“Don’t take my word for it,” the Gawker writer, an astoundingly important and influential guy named Hamilton Nolan (Batman above) argues. “Look at the cold hard facts: old folks like you are going out and buying motorcycles and then launching themselves over the handlebars and straight into hell, now more than ever.” Then Nolan quotes from and links to the Journal piece to substantiate his “cold hard facts.”

Twist the story a little more and you might be able to imagine what television is about to make of Gawker’s version of the Journal’s version of what NHTSA actually said.

Actually, NHTSA didn’t say what both news outlets allege it said. It didn’t imply what either the Journal or Gawker said it implied and in some cases NHTSA said the opposite.

Here is what the report said.

What NHTSA Said

“A particularly notable decrease was seen in the number of motorcyclists who lost their lives in 2013, down over 6 percent from 2012—318 fewer motorcyclists’ lives lost. Although the fatalities and injuries decreased from 2012 to 2013, the total number of crashes that occurred on the roads increased slightly – primarily a result of an almost 3-percent increase in crashes that resulted in no injuries, only property damage.”

Four thousand nine hundred eighty-six motorcyclists died in 2012. Four thousand six hundred sixty-eight motorcyclists died in 2013.

“One notable decrease was the 6.4-percent decrease in the number of motorcyclists who lost their lives on the roadways in 2013 – 318 fewer motorcyclists. This was the first decrease in motorcyclist fatalities since 2009, the only other decrease since 1997.”

“As was seen with motorcyclist fatalities, the number of injured motorcyclists also decreased in 2013 by an estimated 5,000 from 2012 (not statistically significant), or 5.4 percent.”

“Motorcyclist fatalities now take up 14 percent of total fatalities, compared to nine percent 10 years ago.”

“Motorcycle riders showed the greatest decrease in the number of alcohol-impaired drivers involved in fatal crashes from 2012 to 2013, dropping 8.3 percent or by 117 riders. This was both the greatest percentage drop and the greatest drop in actual alcohol-impaired drivers.”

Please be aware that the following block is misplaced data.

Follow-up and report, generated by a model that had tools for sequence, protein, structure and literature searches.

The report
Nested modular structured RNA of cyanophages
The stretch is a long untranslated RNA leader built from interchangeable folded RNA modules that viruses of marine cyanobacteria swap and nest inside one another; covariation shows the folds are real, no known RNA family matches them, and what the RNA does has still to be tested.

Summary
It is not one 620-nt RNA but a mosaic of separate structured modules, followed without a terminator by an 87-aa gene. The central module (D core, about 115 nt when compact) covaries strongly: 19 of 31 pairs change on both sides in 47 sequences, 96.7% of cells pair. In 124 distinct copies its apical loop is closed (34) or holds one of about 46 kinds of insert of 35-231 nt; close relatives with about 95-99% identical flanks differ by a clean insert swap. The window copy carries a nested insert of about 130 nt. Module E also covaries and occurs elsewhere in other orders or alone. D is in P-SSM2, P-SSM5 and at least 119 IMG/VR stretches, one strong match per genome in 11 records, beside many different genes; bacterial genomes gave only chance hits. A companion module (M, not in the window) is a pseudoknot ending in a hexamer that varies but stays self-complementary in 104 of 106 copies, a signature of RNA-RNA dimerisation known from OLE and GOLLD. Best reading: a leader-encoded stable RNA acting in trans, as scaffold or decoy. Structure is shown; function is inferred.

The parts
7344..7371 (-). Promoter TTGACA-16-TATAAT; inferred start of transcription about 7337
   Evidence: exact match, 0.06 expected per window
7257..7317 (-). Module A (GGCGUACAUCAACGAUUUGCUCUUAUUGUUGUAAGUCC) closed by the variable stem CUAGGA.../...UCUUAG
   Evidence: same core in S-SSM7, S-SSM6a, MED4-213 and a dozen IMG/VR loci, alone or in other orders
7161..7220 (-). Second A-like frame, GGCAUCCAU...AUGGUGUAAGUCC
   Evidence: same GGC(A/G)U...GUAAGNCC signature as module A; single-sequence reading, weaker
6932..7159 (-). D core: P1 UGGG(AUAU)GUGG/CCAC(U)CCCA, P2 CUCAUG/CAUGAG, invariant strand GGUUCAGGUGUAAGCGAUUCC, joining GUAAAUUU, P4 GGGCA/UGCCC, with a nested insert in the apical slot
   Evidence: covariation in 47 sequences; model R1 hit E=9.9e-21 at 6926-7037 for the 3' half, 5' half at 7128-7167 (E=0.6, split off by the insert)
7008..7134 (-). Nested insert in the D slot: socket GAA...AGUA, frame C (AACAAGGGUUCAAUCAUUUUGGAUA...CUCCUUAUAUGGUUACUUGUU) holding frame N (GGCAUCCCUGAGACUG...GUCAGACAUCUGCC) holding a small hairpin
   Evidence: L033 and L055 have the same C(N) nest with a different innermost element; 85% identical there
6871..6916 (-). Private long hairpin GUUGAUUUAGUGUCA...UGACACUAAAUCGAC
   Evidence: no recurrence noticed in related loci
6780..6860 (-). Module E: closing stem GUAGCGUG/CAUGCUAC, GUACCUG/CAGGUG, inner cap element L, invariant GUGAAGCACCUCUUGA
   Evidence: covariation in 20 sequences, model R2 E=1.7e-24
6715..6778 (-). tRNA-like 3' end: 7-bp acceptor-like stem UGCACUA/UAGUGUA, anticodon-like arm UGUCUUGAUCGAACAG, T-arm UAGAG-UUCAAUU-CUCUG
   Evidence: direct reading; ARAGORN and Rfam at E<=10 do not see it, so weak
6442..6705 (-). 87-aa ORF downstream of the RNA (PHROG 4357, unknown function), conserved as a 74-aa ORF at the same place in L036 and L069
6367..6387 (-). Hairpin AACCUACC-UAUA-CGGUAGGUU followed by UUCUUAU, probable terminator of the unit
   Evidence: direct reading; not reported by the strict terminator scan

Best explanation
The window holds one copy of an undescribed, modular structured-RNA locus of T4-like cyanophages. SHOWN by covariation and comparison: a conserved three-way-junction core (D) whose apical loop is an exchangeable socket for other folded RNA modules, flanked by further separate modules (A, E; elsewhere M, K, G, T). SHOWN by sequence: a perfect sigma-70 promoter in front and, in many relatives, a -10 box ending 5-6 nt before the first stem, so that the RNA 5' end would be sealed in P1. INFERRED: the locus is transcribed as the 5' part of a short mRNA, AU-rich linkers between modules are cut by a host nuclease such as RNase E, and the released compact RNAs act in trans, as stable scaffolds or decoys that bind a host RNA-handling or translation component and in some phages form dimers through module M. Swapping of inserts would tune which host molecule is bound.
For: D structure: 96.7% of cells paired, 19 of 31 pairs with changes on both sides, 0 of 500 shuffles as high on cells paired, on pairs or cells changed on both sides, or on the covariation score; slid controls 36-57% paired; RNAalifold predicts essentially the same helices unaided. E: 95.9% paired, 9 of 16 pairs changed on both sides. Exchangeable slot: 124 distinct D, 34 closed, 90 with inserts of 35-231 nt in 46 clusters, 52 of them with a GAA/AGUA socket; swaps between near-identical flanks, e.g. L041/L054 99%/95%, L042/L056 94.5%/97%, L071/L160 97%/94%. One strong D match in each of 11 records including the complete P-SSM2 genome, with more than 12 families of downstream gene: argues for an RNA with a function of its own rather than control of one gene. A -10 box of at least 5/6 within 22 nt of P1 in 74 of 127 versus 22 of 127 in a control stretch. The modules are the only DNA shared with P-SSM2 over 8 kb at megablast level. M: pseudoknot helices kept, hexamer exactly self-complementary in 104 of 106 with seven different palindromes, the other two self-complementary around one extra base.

“There was a large decrease in motorcyclist fatalities for the 50- to 69-year-old population: 190 fewer fatalities in 2013 than in 2012 (60% of the total decrease for motorcyclist fatalities).”

“There were 11 times as many unhelmeted motorcyclist fatalities in States without universal helmet laws (1,704 unhelmeted fatalities) as in States with universal helmet laws (150 unhelmeted fatalities) in 2013.”

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60 Responses to “Motorcycles Are Scary”

  1. Smiley Says:

    I couldn’t agree more with Road Whore. I been down twice but both were my fault, one was speed and the other was me not anticipating what a cage was gonna do at a 4 way stop. I love the website Rebel keep doing your thing and giving us the real news.


  2. sherides Says:

    I have learned that while it is no longer considered a good thing to lay down a bike, it used to be taught in rider courses prior to 1980. The consensus now is that the brakes on bikes built today are much better – especially those with ABS brakes.